As far as I can remember, I've never had to truly say goodbye to a good friend like I did today. Especially not to one of my best friends in the whole wide universe. Unfortunately, people come and people go as they do, and my Thai friend Nadia Wiwatwicha flew forever into the infinite unknowns of foreign countries and engineering colleges today. As wrenching as that was, one of the main things that I learned from this week is how difficult it is to feel what you know you should be.

Throughout the week Nadia was stressed out by nostalgia and packing, and from time to time she vented about how the people closest to her were treating her. She perceived that some of those around her were seeing her only as a kid who needed to pack more efficiently rather than a friend about to go away. My response was generally a variation of "They're probably just suppressing their emotions so they don't have to think about you leaving. That's what people do."

Ironically, I pretty much did that myself. I was able to shut myself off so completely that I could talk to her about things such as the above paragraph and yet not think about it myself. As a tangible example, I knew the whole week I should've been getting her a going away present, but I shouldered the idea and never really addressed it until we'd already dropped her off at the airport. Like said, I've never had to deal with a circumstance like this, so I responded by entirely neglecting to do so. The result was a kind of empty, rushed feeling of helplessness and failure to react when we finally hugged goodbye at the terminal. I treated the preceding week with her just like any ordinary succession of moments, so I treated that last moment as such, too. I mean I might see her one more time or never for the rest of my life, and all I could think to say was "Bye Nadia."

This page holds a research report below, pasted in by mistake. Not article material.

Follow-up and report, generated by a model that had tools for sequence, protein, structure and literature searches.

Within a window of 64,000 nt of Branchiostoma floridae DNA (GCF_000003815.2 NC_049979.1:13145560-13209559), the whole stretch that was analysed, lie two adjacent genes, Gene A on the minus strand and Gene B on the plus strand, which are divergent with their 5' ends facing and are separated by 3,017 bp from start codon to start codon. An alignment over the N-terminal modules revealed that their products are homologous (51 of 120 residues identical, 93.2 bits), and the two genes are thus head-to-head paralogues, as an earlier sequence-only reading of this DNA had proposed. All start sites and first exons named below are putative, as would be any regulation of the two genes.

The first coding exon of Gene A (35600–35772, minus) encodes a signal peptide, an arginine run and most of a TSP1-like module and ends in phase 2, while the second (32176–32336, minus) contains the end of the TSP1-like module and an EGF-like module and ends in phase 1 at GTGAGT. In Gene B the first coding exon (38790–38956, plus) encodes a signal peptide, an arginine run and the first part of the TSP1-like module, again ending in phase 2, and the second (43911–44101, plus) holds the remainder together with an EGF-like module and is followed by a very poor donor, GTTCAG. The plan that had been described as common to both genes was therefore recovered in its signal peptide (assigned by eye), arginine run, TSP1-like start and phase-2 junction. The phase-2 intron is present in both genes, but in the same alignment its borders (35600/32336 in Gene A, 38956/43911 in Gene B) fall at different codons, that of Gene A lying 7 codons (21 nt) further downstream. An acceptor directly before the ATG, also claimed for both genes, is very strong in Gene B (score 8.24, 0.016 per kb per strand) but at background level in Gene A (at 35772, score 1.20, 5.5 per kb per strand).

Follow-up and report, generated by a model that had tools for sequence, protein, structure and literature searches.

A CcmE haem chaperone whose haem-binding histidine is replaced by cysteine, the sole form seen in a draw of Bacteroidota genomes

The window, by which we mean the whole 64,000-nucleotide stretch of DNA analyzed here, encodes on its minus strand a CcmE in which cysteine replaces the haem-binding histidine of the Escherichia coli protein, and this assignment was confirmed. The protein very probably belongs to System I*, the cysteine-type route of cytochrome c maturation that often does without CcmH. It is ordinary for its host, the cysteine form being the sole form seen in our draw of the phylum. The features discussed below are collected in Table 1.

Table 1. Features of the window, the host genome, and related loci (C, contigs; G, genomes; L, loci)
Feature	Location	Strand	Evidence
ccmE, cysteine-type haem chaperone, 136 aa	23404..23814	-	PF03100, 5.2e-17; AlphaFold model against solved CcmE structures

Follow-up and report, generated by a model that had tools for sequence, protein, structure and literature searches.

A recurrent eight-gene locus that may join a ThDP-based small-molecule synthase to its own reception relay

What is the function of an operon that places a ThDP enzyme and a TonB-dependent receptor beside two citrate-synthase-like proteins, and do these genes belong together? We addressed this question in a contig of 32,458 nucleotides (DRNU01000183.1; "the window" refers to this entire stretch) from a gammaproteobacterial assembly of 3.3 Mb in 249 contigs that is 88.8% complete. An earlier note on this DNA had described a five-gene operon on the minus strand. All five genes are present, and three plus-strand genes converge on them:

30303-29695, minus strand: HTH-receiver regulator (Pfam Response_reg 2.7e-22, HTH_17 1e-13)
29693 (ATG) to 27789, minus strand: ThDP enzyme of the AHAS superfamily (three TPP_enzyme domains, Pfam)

The part of that that is really scary is the fact that, although I'm closer to Nadia than all but 2 or 3 people, she's only the first of an endless train of childhood friends headed every direction out of Springfield this summer. If I can't invest emotion into one goodbye, I'm not going to respond to 10, 20, 30, or 100 more good friends leaving. As much as I don't want to see myself marginalize the importance of so many of my friendships, I don't see any other outcome.

My diagnosis: Senior year summer is bittersweet.
My prescription: Don't complicate things as much as I am.

Thursday, June 3, 2010

Change of plans

Eliot Sill is manning the blog tonight again because I'm awesome.
Speaking of me, now would be an opportune time for me to tell you who I am in detail.

I was raised differently than you, and had fun with it. I have two older brothers and several friends that have molded my personality to the unique and obscure entity it is today. I was raised on sports. I love football and basketball. I can watch them without end for days at a time. I was raised on Green Bay Packers and Michael Jordan, Master P was the soundtrack to my toddler years (thanks to my eldest hermano Andrew), but "What I Got" (Sublime if you're a dumbass) was the first song I had memorized.